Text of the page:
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Orlando wants to be the center of the metaverse. The Florida city has teamed up with Unity Technologies, the game engine maker, to create a digital twin of the city.
The city will be one of the first to test one of the central theories of the metaverse, the universe of virtual worlds that are all interconnected, like in novels such as Snow Crash and Ready Player One. Once the domain of science fiction, the vision for the metaverse is on the verge of becoming a reality.
And Orlando wants to show the world will benefit from connecting virtual worlds with the physical world. As the home of Disney World, Orlando is familiar with the notion of turning dreams into reality. But it also hopes to go beyond the Magic Kingdom and become better known as a hub for the metaverse, Web3, and the related industries of augmented reality, virtuality reality, AI, gaming, and simulation training.
“Orlando, for as long as I can remember has always been defined as one thing: The Magic Kingdom,” said David Adelson, chief innovation officer for the city. “And so what’s interesting is that in the background of all of that, which is great stuff, there has been innovation and technology. For each one of the sectors and the building blocks that make up the metaverse, Orlando has been playing in them for a really long time.”
I met Adelson at the recent Augmented World Expo event in Santa Clara, California, and sat down with him for an interivew.
The metaverse-related industries have had roots in Orlando for decades, and now Orlando wants to become known as the MetaCenter, a metropolitan center known for both its fantastical and authentic elements. That sounds like a lot of marketing. And it is, for now. A lot of people have their doubts about whether the overhyped metaverse will really happen. But the deal with Unity shows the city is serious.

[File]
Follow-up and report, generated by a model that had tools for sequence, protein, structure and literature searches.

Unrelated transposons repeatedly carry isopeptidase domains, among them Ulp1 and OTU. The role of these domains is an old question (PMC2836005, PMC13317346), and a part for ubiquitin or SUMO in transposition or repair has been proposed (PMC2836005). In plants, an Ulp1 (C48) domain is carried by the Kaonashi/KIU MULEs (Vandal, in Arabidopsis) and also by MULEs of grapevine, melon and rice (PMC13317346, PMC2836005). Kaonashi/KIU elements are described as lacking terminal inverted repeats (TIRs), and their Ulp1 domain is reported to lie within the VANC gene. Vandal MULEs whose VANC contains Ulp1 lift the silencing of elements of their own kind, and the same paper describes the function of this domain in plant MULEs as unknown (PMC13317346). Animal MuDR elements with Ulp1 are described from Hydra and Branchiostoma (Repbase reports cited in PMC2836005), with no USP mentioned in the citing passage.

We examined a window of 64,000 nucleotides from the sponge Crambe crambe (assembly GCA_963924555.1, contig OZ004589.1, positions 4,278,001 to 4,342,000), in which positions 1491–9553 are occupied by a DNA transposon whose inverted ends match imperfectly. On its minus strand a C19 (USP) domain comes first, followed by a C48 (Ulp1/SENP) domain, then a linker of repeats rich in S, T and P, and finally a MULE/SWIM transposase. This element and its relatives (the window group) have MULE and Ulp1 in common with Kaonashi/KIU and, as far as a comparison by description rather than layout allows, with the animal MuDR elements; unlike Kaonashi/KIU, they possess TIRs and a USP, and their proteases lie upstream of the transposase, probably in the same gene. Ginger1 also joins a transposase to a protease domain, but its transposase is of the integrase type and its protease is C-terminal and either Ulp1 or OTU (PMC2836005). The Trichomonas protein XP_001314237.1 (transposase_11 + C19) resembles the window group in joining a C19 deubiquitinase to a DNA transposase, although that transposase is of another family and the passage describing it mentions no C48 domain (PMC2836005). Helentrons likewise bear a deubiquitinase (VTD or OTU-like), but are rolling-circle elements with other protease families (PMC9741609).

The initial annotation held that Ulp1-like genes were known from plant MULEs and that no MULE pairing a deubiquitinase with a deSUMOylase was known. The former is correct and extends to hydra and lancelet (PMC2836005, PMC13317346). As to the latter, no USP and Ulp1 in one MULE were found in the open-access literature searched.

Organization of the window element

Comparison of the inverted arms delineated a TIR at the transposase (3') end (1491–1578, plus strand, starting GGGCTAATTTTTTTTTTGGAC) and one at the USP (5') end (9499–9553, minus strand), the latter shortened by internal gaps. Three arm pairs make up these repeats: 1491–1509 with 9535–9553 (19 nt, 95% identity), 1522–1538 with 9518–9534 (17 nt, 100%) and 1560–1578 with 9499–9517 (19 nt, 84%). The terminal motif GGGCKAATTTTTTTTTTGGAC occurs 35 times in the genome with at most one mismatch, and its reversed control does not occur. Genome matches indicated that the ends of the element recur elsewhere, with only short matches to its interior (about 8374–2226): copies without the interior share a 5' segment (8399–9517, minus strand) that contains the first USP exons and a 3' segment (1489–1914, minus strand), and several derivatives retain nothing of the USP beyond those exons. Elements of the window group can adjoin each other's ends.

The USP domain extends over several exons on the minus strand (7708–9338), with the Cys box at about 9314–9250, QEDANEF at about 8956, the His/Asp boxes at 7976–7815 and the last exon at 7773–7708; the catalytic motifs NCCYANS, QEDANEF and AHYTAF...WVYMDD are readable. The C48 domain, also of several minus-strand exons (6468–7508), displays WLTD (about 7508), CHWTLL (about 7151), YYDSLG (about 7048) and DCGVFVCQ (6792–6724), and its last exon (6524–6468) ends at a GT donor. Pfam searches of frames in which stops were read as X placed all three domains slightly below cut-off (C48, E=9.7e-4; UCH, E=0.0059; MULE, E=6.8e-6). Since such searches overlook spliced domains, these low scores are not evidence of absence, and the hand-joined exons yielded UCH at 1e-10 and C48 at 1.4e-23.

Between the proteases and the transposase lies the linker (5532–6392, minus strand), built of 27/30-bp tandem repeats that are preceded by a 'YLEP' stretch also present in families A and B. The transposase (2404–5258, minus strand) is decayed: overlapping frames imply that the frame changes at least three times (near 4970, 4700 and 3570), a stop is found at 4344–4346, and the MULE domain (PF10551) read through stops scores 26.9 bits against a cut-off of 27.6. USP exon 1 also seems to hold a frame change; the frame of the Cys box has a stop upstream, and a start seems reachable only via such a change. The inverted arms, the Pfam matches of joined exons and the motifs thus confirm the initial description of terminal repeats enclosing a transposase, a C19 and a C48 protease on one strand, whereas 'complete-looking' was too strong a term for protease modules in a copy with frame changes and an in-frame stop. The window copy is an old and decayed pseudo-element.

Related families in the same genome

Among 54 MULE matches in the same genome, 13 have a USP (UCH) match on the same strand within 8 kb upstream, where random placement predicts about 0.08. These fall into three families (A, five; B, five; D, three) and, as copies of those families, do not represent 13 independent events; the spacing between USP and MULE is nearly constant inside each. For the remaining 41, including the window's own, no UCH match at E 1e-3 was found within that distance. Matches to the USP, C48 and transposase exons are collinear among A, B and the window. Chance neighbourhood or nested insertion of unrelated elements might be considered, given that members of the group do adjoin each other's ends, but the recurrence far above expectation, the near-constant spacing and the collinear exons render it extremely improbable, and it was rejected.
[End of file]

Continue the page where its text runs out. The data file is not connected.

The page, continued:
“The parks and attractions that we have are our anchor industries,” Adelson said. “But that’s also where the metaverse becomes real. That’s where people first experience it through those experiential entertainment rides, environments, and the technology behind that.”
With augmented reality and virtual reality, Orlando has been a $6 billion market for defense-related AR and VR. Because of the defense focus, Unity engine maker Unity Technologies has the biggest concentration of Unity licenses in the city of Orlando, Adelson said.
“The developers are in Orlando,” Adelson said. “For the AR and VR chapters, the central Florida chapter is the most active in the world. We have a lot of small companies that are either developing VR and AR for gaming, for education, entertainment.”
McKinsey & Co.’s new research shows the metaverse could grow up to $5 trillion in value by 2030. And it’s not all about games. In fact, games are expected to be smaller than enterprise markets and ecommerce in the metaverse, according to McKinsey.
Companies based in the region include Disney, Universal, Lockheed Martin, Falcon’s Creative, Brand XR, AVT Simulation and Red 6. Disney, of course, has had a lot of tangles with the state of Florida over Disney’s support for trans people and Disney’s opposition to the state’s “Don’t Say Gay Law.” But Adelson notes that the city of Orlando is not the same as the state of Florida when it comes to Disney.
“Orlando is not the state of Florida,” Adelson said. “We pride ourselves on being inclusive, collaborative, and things like that because we are a melting pot. That’s what makes us who we are.”